Mentions: In keratinocytes, lamellipodium extension is driven by p110α-PI3K activation (Haase et al., 2003; Pankow et al., 2006). In our previous work, we showed that within few minutes UTP treatment induces actin cytoskeleton disorganization and a transient lamellipodium withdrawal (Taboubi et al., 2007). Among the large array of proteins involved in cortical actin regulation, cortactin plays a key role as a promoter of actin filament branching and subsequent lamellipodium extension (Bryce et al., 2005; Kowalski et al., 2005; Ammer and Weed, 2008). Growth factors lead to cortactin relocalization from internal cytoplasmic region to the cortical actin network. Although the precise mechanism controlling cortactin translocation is not clearly established, it has been reported that, in keratinocytes, PI3K is involved in this process (Ceccarelli et al., 2007). In HaCat cells, we observed a clear cortactin translocation from the cytosol to the rim of membrane ruffles, with a maximal recruitment at early time points of IGF-I stimulation (1 and 5 min) (Figure 4). In LY294002-treated cells, cortactin redistribution was potently blocked, confirming the involvement of PI3K in this process. As shown in Figure 4, UTP (100 μM) transiently perturbed the IGF-I–induced cortactin relocalization. Although we observed a short delay, UTP-induced inhibition of both cortactin recruitment and p110α-PI3K function were timely correlated (see also Figures 1 and 2). Moreover, the kinetics of the cortactin translocation inhibition induced by UTP is very similar to that of lamellipodium withdrawal described elsewhere (Taboubi et al., 2007), suggesting that cortactin is oppositely regulated by UTP and IGF-I to control lamellipodium formation. Thus, we identified cortactin recruitment to the plasma membrane as a critical early event downstream of the PI3K activation by IGF-I that is inhibited by extracellular UTP and may affect later processes such as cell spreading and motility (see below).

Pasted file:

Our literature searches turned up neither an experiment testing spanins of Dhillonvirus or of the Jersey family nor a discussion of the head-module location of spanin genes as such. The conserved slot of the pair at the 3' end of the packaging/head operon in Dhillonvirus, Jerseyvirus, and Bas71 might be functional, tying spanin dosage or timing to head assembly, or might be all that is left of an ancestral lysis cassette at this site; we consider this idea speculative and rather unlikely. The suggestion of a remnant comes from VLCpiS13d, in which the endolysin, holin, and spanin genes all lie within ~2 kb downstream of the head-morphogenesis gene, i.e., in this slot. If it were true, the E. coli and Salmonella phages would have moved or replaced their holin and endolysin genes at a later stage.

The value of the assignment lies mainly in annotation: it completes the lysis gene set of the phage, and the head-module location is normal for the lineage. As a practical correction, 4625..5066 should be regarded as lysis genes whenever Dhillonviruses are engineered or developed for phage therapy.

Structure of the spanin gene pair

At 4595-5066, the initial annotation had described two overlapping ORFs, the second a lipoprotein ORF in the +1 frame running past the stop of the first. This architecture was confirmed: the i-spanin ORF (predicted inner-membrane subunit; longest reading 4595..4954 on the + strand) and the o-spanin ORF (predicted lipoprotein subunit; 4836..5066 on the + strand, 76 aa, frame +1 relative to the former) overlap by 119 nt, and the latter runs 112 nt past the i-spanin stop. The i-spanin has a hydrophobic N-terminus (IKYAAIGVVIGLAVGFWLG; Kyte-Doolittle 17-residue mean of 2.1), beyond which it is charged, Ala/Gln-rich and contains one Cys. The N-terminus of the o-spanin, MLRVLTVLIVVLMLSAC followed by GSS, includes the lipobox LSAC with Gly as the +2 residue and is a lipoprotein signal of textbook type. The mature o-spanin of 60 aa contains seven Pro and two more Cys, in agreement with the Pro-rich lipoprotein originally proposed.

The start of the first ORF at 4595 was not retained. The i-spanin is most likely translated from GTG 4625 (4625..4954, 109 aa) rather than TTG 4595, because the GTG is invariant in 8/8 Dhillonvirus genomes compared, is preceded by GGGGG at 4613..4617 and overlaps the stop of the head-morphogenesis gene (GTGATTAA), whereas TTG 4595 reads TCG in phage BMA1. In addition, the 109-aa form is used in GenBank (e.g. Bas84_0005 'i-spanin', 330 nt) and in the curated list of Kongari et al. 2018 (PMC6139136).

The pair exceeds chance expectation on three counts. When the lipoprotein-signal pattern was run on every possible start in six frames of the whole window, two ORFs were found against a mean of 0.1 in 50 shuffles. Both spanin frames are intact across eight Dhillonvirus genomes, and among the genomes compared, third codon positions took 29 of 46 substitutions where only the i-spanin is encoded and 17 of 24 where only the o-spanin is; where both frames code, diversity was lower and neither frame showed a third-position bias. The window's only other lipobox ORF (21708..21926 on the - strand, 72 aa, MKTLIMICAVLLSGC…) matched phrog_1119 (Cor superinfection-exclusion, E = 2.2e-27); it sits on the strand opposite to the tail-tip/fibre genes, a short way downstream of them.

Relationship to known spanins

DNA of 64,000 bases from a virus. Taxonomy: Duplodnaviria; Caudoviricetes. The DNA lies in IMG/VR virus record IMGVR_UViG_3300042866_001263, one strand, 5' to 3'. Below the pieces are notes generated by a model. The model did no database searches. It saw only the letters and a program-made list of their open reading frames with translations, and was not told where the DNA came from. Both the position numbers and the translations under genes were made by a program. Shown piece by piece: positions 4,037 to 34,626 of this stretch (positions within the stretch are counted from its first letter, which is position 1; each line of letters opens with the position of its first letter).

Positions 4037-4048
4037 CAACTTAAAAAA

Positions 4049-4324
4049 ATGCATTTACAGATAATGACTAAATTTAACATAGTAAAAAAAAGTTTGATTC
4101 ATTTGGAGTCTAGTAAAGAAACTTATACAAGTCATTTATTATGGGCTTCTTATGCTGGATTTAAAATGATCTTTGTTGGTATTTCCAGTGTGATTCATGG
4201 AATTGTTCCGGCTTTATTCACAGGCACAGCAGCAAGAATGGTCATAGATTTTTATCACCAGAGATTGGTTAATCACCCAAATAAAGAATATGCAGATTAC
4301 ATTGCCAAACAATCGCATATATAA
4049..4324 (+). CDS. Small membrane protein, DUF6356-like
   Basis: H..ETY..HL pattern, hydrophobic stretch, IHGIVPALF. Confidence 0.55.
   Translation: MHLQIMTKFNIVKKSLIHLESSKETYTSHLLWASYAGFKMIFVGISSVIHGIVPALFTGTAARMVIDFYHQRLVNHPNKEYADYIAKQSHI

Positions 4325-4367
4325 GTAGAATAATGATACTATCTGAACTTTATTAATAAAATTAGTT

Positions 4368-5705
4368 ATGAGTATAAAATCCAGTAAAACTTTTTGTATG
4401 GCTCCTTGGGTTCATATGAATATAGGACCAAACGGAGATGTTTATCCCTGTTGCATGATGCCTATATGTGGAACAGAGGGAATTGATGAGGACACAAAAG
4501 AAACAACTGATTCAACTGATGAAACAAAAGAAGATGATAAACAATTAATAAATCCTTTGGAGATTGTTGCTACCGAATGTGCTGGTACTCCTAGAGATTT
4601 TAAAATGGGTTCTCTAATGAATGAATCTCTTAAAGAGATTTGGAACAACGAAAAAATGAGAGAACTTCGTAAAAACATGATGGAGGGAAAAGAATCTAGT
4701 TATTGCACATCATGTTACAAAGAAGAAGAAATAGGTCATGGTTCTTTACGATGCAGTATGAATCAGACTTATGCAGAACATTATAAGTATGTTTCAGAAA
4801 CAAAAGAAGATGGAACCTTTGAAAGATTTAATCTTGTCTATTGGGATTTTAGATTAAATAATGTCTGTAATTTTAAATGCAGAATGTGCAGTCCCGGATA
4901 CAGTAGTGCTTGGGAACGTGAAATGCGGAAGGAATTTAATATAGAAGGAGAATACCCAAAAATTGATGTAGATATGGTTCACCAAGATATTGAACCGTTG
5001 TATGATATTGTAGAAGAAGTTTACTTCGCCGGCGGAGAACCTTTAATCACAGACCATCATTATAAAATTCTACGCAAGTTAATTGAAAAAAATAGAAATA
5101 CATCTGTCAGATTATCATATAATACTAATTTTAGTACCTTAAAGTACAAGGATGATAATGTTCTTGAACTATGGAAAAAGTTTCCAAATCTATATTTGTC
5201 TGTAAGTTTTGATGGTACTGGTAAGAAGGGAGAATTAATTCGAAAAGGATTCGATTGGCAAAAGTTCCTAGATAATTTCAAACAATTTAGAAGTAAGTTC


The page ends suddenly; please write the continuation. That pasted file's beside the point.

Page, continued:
Gq-coupled purinergic receptors inhibit insulin-like growth factor-I/phosphoinositide 3-kinase pathway-dependent keratinocyte migration.

Taboubi S, Garrouste F, Parat F, Pommier G, Faure E, Monferran S, Kovacic H, Lehmann M - Mol. Biol. Cell (2010)

UTP blocks PI3K-dependent cortactin membrane translocation. HaCaT keratinocytes were treated or not with LY294002 (LY; 30 μM, 60 min) and then stimulated with IGF-I (IGF; 50 ng/ml), either alone or in the presence of UTP (100 μM) for the indicated period of time. Untreated cells were used as a control (Ctrl). Before confocal analysis, filamentous actin organization was revealed by phalloidin staining (red), and cortactin was labeled using an anti-cortactin antibody (green). Scale bar, 20 μm.
© Copyright Policy
Related In: Results  -  Collection

Show All Figures
getmorefigures.php?uid=PMC2836975&req=5

Figure 4: UTP blocks PI3K-dependent cortactin membrane translocation. HaCaT keratinocytes were treated or not with LY294002 (LY; 30 μM, 60 min) and then stimulated with IGF-I (IGF; 50 ng/ml), either alone or in the presence of UTP (100 μM) for the indicated period of time. Untreated cells were used as a control (Ctrl). Before confocal analysis, filamentous actin organization was revealed by phalloidin staining (red), and cortactin was labeled using an anti-cortactin antibody (green). Scale bar, 20 μm.